If you’ve determined that you are in or near the correct age bracket to get a mammogram or are otherwise at risk of developing breast cancer, it’s time to have a conversation with your doctor. Together, you can determine the right time to start routine mammograms and establish a schedule for regular mammogram screening over time. Then, you’ll schedule an appointment for your first mammogram screening.

There is research-based evidence that indicates mammograms should be, whenever possible, scheduled during the first week of the patient’s menstrual cycle. While this is not always practical or possible, especially for women getting their first breast cancer screening, mammogram results may be more accurate when performed during the first half of the menstrual cycle. One reason for this is that this is when breast tissue is less dense since it is more difficult to detect breast cancer through dense breast tissue.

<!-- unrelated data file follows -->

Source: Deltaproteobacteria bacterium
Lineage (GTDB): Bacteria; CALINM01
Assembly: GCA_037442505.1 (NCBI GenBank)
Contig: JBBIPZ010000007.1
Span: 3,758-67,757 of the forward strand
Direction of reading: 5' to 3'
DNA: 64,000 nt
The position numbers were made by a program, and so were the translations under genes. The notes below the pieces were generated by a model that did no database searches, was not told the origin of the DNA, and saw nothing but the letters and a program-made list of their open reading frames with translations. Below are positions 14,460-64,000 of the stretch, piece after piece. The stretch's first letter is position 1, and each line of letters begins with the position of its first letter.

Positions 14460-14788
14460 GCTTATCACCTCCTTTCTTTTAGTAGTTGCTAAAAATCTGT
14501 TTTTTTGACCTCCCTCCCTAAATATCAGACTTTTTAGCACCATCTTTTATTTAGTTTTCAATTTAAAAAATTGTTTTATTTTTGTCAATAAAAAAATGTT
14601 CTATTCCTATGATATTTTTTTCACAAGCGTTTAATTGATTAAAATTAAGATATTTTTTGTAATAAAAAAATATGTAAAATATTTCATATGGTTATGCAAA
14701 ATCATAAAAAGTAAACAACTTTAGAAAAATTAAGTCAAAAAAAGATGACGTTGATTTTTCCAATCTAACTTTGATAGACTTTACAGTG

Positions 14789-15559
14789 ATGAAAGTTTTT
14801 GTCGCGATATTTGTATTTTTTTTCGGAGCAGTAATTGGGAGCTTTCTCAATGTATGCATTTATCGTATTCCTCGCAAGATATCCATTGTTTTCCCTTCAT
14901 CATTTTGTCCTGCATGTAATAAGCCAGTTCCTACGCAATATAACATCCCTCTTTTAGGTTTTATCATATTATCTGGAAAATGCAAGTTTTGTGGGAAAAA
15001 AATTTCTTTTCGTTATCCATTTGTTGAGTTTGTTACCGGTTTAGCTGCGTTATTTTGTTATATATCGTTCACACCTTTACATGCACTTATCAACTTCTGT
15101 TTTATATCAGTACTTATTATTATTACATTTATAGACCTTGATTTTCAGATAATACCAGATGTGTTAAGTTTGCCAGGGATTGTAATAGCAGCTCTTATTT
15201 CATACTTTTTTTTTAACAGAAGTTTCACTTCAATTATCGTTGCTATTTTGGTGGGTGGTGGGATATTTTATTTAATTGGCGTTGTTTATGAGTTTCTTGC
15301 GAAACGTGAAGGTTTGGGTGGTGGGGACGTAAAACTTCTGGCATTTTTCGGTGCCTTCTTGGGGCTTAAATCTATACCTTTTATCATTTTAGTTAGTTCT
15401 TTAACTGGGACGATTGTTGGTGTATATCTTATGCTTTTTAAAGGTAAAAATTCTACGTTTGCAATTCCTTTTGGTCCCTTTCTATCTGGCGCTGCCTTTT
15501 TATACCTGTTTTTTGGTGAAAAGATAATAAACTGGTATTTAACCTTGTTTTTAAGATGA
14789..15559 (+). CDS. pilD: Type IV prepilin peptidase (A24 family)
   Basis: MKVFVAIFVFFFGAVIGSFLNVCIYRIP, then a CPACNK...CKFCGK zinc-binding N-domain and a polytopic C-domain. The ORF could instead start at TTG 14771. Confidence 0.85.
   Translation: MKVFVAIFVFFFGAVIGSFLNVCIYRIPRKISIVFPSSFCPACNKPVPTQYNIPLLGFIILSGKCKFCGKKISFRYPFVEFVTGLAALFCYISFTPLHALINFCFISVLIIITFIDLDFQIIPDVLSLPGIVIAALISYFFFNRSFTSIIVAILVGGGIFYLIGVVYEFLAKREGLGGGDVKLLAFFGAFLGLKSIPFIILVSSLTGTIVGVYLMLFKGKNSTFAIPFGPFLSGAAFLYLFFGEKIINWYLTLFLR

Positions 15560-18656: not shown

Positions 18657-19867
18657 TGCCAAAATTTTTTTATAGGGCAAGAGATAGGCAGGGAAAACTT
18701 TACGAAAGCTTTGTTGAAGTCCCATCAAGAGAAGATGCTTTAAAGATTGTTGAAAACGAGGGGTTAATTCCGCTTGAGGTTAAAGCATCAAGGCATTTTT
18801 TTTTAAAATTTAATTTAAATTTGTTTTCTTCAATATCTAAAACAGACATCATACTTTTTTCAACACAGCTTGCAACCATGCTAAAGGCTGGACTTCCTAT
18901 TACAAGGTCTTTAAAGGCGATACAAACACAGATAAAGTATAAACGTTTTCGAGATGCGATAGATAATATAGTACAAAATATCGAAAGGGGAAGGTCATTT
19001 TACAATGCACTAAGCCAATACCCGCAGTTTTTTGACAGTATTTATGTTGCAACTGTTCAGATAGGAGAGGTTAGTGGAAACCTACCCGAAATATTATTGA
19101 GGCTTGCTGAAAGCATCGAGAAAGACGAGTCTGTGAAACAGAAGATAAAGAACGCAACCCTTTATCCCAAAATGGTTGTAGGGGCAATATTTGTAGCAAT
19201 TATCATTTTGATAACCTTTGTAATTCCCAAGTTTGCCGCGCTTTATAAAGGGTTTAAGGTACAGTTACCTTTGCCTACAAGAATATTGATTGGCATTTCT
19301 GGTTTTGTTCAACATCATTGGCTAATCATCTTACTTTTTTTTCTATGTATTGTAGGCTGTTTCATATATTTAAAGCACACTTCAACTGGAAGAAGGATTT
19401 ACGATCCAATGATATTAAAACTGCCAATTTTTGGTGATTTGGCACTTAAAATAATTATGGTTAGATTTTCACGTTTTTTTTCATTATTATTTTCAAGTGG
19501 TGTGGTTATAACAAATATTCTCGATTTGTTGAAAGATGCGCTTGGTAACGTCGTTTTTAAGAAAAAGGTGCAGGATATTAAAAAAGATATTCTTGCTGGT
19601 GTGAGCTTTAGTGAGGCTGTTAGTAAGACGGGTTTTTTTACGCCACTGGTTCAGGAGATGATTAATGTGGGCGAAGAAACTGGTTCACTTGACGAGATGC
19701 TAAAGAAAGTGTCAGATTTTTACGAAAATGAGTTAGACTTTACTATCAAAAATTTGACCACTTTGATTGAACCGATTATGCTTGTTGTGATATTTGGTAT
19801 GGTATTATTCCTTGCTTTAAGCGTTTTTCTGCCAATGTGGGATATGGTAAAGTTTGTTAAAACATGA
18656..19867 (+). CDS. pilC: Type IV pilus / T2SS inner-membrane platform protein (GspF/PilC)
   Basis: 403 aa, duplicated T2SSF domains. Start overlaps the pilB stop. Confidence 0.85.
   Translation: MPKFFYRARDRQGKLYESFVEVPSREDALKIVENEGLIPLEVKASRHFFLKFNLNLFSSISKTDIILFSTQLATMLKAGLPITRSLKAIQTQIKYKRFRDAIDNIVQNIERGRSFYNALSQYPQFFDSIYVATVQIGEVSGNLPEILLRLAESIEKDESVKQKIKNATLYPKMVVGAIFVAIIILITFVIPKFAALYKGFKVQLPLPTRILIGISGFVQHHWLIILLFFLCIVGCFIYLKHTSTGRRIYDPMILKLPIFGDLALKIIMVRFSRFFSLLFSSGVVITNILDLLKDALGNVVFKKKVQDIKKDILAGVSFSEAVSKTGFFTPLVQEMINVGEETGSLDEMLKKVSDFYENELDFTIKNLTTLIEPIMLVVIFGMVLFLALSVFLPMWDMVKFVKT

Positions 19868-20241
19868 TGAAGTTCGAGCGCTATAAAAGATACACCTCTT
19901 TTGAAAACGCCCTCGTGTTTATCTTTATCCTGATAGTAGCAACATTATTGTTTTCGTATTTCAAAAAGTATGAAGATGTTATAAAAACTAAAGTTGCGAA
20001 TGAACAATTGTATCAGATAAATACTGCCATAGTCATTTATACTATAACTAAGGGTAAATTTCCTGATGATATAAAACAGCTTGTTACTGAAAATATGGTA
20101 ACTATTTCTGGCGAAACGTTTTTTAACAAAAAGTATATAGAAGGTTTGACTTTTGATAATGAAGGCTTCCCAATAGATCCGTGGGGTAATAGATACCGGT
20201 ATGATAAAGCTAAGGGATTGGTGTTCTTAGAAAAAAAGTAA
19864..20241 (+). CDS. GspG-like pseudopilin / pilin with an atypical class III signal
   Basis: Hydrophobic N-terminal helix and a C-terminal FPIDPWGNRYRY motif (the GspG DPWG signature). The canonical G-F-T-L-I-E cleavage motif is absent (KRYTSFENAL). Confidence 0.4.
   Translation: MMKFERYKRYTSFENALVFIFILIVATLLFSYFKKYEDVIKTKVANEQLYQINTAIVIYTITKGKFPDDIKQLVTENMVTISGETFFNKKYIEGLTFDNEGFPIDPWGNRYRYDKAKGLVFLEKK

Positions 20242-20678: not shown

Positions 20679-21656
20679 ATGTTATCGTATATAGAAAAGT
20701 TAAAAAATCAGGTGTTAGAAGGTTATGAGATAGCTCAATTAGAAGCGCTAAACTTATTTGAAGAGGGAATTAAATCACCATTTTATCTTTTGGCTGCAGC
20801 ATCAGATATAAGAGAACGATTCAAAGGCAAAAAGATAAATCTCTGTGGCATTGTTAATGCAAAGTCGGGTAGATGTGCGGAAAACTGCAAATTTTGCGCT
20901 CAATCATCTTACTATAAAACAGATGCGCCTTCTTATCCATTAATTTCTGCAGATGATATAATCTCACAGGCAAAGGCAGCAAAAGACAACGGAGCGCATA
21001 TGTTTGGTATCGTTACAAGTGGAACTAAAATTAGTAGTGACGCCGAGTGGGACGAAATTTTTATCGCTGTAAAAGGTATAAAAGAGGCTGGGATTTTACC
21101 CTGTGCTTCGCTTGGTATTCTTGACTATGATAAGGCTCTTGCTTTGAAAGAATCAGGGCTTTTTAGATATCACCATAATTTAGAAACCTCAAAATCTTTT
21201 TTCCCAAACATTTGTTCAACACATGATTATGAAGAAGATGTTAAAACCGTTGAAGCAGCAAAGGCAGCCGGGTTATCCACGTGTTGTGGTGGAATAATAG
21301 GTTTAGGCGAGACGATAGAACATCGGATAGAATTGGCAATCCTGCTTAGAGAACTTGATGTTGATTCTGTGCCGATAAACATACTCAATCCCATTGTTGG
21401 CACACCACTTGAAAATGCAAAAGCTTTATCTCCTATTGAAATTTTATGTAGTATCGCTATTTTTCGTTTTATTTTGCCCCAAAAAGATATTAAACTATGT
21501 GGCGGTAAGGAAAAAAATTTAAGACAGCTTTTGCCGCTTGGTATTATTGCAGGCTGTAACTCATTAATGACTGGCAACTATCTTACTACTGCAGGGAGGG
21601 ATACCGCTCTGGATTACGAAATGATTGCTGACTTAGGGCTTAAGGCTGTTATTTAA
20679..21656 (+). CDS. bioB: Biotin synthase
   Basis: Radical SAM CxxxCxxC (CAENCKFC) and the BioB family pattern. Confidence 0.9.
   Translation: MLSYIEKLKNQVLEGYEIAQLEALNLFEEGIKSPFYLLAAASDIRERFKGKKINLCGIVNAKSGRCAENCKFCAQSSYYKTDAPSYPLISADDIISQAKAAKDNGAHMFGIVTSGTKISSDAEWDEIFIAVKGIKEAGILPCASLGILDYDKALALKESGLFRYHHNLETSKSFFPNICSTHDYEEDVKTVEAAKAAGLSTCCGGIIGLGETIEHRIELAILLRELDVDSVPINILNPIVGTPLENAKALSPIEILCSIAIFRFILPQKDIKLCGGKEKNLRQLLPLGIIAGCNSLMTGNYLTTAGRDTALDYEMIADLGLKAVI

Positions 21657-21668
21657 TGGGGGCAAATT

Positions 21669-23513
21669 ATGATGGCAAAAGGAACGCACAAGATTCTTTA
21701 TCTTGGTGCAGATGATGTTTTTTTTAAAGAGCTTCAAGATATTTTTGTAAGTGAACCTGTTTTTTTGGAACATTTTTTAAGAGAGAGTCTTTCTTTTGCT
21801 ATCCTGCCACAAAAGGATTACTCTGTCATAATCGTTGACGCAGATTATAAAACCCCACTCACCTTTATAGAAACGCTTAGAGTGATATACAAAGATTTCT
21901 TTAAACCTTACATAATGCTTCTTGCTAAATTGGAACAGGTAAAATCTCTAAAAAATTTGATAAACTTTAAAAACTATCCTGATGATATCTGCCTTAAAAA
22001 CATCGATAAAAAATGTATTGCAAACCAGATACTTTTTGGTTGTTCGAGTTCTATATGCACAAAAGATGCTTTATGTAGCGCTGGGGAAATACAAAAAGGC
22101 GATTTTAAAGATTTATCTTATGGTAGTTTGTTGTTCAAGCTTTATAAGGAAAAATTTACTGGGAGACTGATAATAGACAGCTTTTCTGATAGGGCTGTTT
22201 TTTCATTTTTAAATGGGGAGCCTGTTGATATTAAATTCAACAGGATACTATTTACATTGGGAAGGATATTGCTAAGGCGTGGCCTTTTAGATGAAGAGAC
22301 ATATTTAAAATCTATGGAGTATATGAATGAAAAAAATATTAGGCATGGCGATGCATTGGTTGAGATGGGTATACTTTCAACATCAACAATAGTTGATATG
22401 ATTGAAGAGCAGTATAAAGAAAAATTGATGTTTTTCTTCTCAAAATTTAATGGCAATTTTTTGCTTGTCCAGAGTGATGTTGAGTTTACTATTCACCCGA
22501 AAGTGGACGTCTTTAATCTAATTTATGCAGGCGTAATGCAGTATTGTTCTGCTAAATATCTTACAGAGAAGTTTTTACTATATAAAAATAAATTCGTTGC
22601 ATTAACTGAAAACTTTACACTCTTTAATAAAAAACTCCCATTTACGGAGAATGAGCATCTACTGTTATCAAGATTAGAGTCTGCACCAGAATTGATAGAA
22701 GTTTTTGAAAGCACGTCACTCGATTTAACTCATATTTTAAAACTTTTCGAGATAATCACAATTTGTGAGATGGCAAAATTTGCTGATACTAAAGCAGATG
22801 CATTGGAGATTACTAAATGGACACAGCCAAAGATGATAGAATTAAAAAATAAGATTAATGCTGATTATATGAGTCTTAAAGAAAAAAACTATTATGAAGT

Preparing For a Mammogram

After you schedule your mammogram, it is important not to allow yourself to become nervous or upset as your appointment day approaches. Most mammograms serve to reassure those that receive them that no cancer is present. Only about two to four mammograms per 1,000 result in a breast cancer diagnosis.

If you’ve scheduled an appointment, the doctor or medical practice conducting the mammogram screening will go over the procedure and may recommend certain actions to take leading up to the appointment. Some recommendations for preparing for the appointment are below.

Before a mammogram, you should: